At about 6pm Thursday 26th February, about a few 20minutes into the first rain in Jos in 2015, eye witnesses say a car drove by a motor park on Bauchi Rd. just opposite the University of Jos Medical Sciences gate. The details are not very clear after that because there was an explosion. Then the pandemonium of people fleeing the scene. Shortly after, another bomb exploded just near a military check point beside the main Bauchi Rd. motor park about 300metres away. Official reports say 14 people lost their lives in this terrorist act. There are no claims of responsibility but the Islamic terrorist sect, Boko Haram is widely believed to be behind the attack because of the similarity of the bomb blasts to the ones Jos town has suffered in the past.
The Aftermath of the bomb blast is what further draws concern.
Soon after the blast, there were hundreds of youths, both Muslim and Christian, that suddenly went back to the old divide; the Christian/ Muslim trenches of war, awaiting the slightest provocation for bloodbath. Many of the Muslim youths around the community of the blast set up their own check points and perceived ‘enemies’ were harassed. These enemies, from past experiences, are Christians. Jos may be seemingly at peace now, after many years of bloodletting on the streets, but it still seems that the hatchets are far from buried.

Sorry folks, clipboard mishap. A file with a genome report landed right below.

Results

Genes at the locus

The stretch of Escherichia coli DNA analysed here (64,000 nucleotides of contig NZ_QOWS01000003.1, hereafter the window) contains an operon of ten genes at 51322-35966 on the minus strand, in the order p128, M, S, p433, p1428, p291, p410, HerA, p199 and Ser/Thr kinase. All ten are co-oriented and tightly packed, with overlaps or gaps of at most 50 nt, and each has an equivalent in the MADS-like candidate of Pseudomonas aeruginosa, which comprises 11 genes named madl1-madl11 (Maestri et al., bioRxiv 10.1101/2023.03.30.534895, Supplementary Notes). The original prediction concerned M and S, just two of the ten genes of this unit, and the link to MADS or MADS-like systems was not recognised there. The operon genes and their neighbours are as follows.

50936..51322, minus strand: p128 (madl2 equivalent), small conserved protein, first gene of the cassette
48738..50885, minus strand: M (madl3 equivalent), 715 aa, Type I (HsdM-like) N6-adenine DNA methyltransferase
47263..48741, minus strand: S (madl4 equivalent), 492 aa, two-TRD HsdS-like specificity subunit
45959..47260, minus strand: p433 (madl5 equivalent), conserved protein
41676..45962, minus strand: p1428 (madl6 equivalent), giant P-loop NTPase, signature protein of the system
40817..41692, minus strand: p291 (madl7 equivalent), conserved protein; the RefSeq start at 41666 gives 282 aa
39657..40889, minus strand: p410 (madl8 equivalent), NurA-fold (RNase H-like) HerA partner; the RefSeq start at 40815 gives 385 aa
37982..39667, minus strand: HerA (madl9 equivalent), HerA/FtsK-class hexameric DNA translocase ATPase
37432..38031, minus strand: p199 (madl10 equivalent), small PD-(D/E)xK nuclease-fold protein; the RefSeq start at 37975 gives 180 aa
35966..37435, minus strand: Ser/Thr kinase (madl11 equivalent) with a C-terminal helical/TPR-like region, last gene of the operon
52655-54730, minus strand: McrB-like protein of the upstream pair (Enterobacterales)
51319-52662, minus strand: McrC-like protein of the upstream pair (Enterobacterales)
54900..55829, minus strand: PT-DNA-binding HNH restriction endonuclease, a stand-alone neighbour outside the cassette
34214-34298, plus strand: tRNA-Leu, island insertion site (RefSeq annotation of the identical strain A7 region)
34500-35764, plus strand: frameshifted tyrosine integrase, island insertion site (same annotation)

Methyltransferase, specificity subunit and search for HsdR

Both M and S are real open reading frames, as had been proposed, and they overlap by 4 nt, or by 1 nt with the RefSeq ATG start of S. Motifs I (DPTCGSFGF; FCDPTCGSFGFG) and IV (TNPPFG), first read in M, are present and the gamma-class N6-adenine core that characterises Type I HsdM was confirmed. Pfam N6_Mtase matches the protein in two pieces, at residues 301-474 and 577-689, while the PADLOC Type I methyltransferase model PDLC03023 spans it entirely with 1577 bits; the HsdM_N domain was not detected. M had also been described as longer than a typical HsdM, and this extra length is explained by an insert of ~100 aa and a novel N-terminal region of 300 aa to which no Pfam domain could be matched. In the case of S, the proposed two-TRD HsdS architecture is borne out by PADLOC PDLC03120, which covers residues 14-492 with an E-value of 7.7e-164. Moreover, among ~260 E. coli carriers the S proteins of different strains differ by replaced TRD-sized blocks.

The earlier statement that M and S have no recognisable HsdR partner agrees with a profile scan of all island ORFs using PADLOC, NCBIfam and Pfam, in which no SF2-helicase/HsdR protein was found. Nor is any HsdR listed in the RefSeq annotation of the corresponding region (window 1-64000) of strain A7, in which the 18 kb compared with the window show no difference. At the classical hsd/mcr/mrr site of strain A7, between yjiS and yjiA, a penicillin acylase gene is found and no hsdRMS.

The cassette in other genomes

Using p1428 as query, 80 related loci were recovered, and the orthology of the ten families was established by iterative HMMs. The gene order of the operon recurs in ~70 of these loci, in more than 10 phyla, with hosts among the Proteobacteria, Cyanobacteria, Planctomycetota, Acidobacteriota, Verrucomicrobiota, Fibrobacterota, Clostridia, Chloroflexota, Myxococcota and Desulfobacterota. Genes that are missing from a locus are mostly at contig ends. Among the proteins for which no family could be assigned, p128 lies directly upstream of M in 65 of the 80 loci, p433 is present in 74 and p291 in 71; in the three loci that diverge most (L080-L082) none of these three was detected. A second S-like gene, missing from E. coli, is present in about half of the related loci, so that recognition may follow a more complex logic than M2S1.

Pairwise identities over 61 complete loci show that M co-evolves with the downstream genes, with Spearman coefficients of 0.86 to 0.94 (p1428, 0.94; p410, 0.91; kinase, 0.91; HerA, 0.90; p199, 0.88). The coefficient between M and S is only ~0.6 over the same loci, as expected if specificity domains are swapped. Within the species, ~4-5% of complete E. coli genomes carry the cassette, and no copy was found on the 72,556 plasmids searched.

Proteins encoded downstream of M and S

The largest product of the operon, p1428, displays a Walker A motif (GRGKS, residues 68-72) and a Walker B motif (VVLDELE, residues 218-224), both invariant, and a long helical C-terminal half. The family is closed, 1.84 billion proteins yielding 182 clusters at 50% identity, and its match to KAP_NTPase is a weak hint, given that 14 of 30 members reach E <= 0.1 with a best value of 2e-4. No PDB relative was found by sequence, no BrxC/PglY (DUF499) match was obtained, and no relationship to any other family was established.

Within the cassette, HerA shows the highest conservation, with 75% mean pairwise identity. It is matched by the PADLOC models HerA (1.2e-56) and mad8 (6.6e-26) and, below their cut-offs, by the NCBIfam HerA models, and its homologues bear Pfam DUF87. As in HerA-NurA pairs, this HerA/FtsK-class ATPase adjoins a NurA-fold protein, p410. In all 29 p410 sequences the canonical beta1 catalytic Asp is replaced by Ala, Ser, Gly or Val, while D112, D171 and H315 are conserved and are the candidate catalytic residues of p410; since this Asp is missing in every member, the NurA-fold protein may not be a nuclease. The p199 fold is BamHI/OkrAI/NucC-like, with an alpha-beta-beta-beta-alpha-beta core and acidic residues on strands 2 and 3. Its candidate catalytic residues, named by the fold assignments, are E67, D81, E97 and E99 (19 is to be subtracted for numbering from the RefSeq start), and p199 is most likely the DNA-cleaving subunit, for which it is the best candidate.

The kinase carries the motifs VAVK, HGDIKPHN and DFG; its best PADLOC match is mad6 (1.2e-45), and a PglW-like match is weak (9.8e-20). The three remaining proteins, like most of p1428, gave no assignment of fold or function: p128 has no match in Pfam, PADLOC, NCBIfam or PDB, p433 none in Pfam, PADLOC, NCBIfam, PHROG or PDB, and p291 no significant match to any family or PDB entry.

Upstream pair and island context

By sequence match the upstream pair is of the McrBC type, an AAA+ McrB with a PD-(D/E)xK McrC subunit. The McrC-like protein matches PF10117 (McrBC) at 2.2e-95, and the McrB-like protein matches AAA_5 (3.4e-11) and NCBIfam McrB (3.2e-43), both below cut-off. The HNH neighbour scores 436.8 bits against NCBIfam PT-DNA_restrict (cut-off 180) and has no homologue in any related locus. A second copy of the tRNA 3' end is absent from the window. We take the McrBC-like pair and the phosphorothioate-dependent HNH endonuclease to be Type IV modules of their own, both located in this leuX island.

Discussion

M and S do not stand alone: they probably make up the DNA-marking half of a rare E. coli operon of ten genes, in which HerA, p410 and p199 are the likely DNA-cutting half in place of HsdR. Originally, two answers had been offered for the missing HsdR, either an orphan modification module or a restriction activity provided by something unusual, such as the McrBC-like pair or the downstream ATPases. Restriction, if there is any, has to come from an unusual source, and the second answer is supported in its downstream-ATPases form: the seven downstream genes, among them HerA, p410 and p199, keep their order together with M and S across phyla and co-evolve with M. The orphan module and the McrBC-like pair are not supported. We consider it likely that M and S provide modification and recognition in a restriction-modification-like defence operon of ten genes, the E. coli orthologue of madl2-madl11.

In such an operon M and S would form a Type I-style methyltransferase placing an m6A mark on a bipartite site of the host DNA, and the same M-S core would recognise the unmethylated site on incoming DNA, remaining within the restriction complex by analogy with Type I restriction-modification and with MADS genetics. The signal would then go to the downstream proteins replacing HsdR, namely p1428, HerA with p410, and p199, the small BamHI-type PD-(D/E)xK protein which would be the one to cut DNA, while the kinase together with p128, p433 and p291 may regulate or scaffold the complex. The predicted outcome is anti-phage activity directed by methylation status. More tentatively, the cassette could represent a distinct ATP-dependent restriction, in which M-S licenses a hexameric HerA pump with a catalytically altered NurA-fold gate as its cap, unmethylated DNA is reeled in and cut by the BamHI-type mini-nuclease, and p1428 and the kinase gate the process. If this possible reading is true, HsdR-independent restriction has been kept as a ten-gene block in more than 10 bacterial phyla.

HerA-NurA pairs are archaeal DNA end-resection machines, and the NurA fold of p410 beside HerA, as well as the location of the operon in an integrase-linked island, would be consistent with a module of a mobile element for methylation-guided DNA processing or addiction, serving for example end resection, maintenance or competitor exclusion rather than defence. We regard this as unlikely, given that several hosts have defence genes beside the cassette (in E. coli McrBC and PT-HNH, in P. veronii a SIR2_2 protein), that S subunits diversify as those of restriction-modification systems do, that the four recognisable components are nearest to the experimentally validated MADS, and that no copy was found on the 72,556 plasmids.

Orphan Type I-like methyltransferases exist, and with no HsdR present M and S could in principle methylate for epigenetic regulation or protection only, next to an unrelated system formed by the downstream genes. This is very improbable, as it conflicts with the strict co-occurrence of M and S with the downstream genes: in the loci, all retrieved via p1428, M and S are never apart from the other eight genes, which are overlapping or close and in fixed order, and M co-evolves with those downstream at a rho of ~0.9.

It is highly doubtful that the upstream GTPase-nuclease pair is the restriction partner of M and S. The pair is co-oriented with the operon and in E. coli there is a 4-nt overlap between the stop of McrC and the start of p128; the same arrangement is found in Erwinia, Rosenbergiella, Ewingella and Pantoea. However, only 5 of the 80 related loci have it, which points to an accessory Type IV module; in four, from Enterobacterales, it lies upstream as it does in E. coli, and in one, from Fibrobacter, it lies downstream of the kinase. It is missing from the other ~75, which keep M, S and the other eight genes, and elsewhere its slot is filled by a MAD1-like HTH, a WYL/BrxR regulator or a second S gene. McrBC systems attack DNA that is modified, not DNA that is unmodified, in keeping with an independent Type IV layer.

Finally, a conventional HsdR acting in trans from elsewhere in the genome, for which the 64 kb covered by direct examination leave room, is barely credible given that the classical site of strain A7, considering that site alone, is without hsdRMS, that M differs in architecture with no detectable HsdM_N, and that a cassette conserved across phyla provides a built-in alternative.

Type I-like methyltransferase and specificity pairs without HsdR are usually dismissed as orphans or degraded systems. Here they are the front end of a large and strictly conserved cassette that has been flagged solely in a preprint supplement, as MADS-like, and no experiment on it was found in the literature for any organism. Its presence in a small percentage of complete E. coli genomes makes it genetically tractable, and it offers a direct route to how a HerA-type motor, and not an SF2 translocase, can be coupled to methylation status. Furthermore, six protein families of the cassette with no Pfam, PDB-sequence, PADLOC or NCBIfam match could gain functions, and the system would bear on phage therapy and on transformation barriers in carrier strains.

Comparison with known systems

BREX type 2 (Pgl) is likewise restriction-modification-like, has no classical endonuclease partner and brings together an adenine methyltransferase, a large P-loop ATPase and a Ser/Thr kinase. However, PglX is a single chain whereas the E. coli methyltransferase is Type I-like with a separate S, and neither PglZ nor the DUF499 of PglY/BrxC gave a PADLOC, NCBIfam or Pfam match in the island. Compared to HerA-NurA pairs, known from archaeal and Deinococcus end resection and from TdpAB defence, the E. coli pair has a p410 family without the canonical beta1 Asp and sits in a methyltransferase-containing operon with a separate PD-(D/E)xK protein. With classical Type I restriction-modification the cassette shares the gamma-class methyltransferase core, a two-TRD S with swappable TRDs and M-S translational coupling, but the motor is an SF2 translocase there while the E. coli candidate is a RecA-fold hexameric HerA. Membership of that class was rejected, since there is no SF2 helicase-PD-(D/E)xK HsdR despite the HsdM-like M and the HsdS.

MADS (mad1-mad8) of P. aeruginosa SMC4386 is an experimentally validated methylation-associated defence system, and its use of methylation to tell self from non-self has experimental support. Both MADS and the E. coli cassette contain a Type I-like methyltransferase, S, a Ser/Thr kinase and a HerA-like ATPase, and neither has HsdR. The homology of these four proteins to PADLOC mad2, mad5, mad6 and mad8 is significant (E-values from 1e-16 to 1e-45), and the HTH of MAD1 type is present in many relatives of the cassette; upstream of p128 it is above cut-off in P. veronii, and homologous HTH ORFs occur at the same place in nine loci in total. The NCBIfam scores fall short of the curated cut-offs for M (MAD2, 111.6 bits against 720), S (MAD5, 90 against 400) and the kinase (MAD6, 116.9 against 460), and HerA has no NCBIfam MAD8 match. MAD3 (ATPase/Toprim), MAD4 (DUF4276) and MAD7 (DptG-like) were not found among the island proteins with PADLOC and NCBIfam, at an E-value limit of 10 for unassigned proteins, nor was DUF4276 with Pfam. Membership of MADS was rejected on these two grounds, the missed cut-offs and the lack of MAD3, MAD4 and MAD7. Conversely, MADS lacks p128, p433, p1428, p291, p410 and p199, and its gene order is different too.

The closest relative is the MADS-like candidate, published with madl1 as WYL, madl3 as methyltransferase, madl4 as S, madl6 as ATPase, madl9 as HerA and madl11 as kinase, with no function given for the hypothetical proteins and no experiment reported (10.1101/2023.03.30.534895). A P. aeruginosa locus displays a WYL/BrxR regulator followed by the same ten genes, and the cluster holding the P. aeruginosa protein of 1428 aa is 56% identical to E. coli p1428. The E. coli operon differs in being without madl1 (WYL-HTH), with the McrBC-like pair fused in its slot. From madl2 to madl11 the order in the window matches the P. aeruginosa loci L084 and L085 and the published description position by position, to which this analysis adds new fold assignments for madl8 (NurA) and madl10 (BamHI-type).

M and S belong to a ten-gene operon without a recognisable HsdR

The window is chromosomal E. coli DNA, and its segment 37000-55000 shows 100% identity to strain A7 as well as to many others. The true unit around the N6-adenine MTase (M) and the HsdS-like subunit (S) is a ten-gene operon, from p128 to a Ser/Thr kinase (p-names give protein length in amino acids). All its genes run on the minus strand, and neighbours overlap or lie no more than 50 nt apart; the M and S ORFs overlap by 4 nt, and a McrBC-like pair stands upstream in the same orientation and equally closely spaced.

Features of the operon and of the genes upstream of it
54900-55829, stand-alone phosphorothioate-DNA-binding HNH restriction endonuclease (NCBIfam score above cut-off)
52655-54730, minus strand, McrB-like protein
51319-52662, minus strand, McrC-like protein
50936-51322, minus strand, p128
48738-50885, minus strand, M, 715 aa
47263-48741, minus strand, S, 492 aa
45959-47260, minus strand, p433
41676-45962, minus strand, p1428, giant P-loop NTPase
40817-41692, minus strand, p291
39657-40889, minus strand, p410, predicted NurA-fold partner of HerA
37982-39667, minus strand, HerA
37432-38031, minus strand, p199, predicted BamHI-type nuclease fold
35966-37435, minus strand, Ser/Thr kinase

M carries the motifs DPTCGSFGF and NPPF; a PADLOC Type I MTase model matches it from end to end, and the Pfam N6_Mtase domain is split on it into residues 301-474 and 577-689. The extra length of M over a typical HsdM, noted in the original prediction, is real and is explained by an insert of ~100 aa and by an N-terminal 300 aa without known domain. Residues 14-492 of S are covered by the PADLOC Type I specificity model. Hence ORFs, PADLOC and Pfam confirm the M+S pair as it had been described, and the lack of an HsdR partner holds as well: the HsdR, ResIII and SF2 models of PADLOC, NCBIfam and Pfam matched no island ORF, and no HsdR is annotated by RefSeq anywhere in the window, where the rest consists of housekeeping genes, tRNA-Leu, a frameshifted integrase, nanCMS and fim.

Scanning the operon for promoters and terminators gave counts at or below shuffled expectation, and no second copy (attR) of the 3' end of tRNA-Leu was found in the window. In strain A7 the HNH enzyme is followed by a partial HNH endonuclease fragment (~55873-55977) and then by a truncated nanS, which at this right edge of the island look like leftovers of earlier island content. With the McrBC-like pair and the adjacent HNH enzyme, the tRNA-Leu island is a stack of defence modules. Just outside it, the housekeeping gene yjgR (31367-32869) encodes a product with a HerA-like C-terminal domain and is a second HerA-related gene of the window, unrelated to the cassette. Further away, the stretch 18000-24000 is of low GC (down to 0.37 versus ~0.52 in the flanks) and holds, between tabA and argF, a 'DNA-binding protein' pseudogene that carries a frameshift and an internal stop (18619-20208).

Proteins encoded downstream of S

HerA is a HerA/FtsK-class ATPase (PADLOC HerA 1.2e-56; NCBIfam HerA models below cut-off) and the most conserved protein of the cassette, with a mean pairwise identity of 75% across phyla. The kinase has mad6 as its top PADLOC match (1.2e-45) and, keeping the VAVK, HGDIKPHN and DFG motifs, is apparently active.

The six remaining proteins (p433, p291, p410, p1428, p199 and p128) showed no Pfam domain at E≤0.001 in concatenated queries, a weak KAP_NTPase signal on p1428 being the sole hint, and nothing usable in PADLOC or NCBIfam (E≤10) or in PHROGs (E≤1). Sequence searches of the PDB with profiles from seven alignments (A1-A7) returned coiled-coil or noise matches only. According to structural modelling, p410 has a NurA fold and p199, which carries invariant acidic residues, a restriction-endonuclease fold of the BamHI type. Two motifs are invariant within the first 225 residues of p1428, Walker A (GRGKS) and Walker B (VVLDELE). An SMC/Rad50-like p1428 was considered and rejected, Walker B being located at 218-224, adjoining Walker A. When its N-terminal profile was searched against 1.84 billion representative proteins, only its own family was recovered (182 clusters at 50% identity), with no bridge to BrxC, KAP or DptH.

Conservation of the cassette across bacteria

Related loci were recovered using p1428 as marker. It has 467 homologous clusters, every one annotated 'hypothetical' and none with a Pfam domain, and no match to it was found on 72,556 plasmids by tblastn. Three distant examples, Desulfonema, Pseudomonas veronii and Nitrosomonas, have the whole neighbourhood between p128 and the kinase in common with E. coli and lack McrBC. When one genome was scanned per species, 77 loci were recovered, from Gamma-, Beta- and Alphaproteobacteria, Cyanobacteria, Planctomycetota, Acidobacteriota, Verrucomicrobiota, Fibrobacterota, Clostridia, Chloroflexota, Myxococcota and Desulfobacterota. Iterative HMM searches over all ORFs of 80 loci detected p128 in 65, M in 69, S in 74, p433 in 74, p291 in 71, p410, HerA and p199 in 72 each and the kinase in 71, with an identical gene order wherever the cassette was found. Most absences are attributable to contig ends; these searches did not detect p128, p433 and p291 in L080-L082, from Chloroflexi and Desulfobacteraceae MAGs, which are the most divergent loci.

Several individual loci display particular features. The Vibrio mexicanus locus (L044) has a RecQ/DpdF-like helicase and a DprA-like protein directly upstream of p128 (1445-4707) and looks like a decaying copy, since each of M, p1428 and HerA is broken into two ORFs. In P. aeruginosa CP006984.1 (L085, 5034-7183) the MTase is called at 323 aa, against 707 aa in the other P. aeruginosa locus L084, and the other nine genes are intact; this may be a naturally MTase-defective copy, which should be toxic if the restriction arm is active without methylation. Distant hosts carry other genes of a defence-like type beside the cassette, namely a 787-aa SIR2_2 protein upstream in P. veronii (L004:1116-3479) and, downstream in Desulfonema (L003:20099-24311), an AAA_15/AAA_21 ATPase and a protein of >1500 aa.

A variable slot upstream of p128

Many shops around Old Bukuru Park are closed or forced to close for fear of reprisals, more so that the next morning is Friday; these shops belong to predominantly Christians.
With elections coming up very soon in Nigeria, the fact that the voting for candidates will be more on religious lines in the Middle Belt and Northern parts of Nigeria, rather than on issues and capacity to deliver, is even more real.
The Elections by the end of the March will most certainly be a litmus test.
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